The University of Southern California and education company 2U have been sued for allegedly misrepresenting the influential U.S. News & World Report college rankings to attract students to online courses, according to the Wall Street Journal, in yet another clash over the use of the increasingly controversial rankings.
The lawsuit, filed by the National Student Legal Defense Network, reportedly claims the university and the company—which runs USC’s online graduate programs—misled students by suggesting the rankings for in-person education school classes applied to similar online classes, even though the courses had different selection standards.
The suit—filed in Los Angeles County Court—reportedly cited USC’s early admission it submitted inaccurate data to U.S. News & World Report as evidence it defrauded its students.
USC withdrew its Rossier School of Education from the rankings earlier this year, after it tied for 11th in the most recent U.S. News & World Report ranking of graduate education programs, claiming it had “a history of inaccuracies in the survey data” going back five years.
A USC spokesperson told Forbes the university has “not yet received the complaint,” while 2U did not immediately respond to a request for comment.
The U.S. News & World Report rankings have long been considered the industry standard to determine the prestige of higher education programs, but they’ve also been embroiled in scandal over allegations that schools manipulate the rankings, which rely heavily on test scores. The situation appeared to reach a tipping point earlier this year, when a Columbia mathematics professor published a study that found the university used “outdated and/or incorrect methodologies” to boost its ranking. Columbia later acknowledged it sent misleading data to U.S. News & World Report, leading the publication to drop Columbia from No. 2 in its national university rankings to No. 18. Another domino fell last month, when Harvard and Yale announced in the course of the same day they were withdrawing their law schools from the rankings, claiming the rankings give too much weight to test scores and punish programs for accepting students from disadvantaged backgrounds. Law schools at universities like Stanford, Georgetown and Michigan also went on to withdraw from the rankings.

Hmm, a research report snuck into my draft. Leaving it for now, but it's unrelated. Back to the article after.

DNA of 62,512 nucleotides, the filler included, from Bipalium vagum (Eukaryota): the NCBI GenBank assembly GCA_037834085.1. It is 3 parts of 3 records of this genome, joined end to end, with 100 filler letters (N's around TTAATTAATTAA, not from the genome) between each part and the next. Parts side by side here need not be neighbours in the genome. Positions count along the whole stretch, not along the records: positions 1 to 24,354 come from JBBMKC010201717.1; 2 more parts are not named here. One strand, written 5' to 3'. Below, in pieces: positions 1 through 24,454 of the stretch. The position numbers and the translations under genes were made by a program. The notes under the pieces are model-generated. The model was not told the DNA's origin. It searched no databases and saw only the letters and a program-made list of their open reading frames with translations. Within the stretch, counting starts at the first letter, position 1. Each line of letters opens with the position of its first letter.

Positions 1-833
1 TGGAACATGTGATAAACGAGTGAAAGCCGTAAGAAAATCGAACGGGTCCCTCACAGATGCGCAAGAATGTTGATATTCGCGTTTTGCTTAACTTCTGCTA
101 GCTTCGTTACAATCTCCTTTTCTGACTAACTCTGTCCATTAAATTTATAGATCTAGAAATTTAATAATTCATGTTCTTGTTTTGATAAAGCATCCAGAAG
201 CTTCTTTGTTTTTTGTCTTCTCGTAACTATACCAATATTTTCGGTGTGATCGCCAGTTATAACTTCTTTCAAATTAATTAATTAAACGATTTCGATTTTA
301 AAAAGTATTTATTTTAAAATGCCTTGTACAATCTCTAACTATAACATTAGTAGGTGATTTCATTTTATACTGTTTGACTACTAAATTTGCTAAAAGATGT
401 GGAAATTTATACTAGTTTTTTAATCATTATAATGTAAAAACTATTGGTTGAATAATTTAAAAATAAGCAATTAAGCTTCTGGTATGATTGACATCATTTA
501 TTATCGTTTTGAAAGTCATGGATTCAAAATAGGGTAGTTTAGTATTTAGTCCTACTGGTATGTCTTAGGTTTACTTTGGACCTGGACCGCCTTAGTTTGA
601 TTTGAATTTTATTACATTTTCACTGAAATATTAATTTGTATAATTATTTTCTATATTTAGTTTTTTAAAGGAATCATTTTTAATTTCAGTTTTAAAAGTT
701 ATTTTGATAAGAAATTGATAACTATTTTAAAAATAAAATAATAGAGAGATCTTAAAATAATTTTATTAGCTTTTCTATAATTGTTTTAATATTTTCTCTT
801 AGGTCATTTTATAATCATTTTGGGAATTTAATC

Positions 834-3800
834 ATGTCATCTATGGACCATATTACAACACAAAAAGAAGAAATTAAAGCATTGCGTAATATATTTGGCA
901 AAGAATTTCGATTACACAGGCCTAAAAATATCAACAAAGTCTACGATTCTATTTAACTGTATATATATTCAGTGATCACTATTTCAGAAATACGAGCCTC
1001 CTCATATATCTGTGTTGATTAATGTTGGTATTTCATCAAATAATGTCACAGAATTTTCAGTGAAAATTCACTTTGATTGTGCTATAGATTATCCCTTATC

It’s possible U.S. News & World Report will continue ranking schools that withdrew in its next edition, since many of the data points it relies on are publicly available.
University of Southern California Sued Over Education-School Rankings Claims (Wall Street Journal)